EMPLOYEES will not get additional compensation if they will work for three “reclassified” holidays this year under a new proclamation issued by President Duterte.
Last Friday, Duterte issued Proclamation 1107, which revised the list of holidays for 2021
Under the proclamation, the classifications of All Soul’s Day (Nov. 2), Christmas Eve (Dec. 24), and Last Day of the Year (Dec. 31) was changed from a special non-working holiday to special working holiday.
The Department of Labor and Employment (DOLE) said this means no special pay rules will take effect for the three holidays.
“It will be considered an ordinary working day but with commemoration . . . so no special rules,” Labor Assistant Secretary Teresita S. Cucueco explained to BusinessMirror in an SMS.
Duterte said he opted to made the reclassification to “minimize work disruption” for companies, which were severely affected by the economic slowdown caused by the government quarantine restrictions to stop the spread of Covid-19.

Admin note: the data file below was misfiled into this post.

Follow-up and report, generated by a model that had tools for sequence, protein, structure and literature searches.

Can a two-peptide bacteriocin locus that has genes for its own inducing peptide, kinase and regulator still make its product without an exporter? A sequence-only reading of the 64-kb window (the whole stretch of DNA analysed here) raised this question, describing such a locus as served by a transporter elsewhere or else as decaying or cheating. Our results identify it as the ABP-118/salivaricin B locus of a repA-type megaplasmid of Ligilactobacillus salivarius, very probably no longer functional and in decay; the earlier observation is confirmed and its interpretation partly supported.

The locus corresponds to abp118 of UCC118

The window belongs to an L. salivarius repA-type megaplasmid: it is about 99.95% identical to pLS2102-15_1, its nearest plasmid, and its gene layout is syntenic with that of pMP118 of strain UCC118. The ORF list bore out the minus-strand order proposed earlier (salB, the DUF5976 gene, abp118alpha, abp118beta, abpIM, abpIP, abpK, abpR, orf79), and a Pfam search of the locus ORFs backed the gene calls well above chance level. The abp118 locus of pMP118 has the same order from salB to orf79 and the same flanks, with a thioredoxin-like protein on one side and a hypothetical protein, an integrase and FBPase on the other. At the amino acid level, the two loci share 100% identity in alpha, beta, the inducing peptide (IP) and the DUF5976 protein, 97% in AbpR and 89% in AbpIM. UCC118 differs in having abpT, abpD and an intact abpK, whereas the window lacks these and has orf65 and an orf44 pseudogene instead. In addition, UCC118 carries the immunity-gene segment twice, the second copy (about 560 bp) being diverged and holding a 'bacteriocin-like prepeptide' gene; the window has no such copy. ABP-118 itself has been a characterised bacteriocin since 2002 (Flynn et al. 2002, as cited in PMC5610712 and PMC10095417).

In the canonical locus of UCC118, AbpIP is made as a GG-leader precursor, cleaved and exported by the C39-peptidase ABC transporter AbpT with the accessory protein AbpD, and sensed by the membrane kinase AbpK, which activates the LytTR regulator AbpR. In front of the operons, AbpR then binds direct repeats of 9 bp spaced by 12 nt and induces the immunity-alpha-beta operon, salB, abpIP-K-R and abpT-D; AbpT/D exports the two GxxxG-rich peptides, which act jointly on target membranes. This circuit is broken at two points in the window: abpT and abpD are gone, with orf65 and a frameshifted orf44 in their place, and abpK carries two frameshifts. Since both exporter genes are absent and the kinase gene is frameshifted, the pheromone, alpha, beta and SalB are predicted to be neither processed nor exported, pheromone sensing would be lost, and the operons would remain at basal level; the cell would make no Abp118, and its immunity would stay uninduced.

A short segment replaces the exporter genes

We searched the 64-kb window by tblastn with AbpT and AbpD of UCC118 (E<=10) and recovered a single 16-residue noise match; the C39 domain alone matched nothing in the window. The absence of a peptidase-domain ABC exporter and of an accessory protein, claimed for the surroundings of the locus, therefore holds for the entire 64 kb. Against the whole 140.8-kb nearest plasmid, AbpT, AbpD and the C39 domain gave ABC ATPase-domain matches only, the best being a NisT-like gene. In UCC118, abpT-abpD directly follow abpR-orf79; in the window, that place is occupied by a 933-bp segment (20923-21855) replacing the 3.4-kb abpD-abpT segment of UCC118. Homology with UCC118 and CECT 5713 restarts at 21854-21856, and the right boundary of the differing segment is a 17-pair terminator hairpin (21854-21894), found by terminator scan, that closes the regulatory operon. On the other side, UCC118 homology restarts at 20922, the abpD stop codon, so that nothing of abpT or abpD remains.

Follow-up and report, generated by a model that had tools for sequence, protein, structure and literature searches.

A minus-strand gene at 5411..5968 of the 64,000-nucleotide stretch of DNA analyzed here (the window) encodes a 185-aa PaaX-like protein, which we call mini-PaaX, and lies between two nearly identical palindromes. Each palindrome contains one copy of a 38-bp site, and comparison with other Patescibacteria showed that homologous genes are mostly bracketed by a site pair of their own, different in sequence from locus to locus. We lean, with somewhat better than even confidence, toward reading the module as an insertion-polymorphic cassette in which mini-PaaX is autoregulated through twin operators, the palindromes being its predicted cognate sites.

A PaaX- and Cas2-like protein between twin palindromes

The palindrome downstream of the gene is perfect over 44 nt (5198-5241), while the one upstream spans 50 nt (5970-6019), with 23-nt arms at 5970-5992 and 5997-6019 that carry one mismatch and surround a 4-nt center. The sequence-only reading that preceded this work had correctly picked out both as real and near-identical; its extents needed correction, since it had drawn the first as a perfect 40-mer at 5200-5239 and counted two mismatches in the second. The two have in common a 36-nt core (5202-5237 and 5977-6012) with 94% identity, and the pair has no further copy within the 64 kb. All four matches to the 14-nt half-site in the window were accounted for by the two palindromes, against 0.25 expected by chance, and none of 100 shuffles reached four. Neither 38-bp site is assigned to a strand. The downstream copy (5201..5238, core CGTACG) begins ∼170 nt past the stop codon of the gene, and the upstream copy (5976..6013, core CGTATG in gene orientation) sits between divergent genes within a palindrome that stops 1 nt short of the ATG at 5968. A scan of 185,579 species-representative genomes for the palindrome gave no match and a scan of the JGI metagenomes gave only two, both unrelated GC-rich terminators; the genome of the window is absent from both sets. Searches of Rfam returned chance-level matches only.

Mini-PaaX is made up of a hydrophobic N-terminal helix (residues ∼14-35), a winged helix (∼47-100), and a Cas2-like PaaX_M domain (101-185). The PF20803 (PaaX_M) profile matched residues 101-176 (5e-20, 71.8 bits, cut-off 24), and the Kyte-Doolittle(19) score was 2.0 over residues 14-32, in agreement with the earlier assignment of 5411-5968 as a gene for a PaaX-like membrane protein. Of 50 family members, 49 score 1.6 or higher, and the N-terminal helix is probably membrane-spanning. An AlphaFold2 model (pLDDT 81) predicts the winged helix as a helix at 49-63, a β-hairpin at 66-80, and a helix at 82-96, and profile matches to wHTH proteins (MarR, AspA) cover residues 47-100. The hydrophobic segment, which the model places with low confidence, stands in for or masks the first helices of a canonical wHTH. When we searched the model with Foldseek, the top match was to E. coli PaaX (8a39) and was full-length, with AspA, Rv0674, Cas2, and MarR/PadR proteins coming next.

Proclamation 1107 retained the earlier announced list of regular holidays, which include: New Year’s Day (Jan. 1), Araw ng Kagitinginan or Day of Valor (April 9), Maundy Thursday (April 1), Good Friday (April 2), Labor Day (May 1), Independence Day (June 12), National Heroes Day (Aug. 30), Bonifacio Day (Nov. 30), Christmas Day (Dec. 25), and Rizal Day (Dec. 30).
Meanwhile, its new list of special non-working holidays includes Chinese New Year (Feb. 12), Edsa People Power Revolution (Feb. 25), Ninoy Aquino Day (Aug. 21), Black Saturday (April 3), All Saint’s Day (Nov. 1), and Feast of the Immaculate Conception (Dec. 8).
Under the pay rules of DOLE, employees who will be on duty during a regular holiday will get twice their regular pay for that event. In a special non-working holiday, a “no work, no pay” will be the rule. Only employees who will report for work during the event will be entitled to 30 percent of their basic wage for the first eight hours of their duty.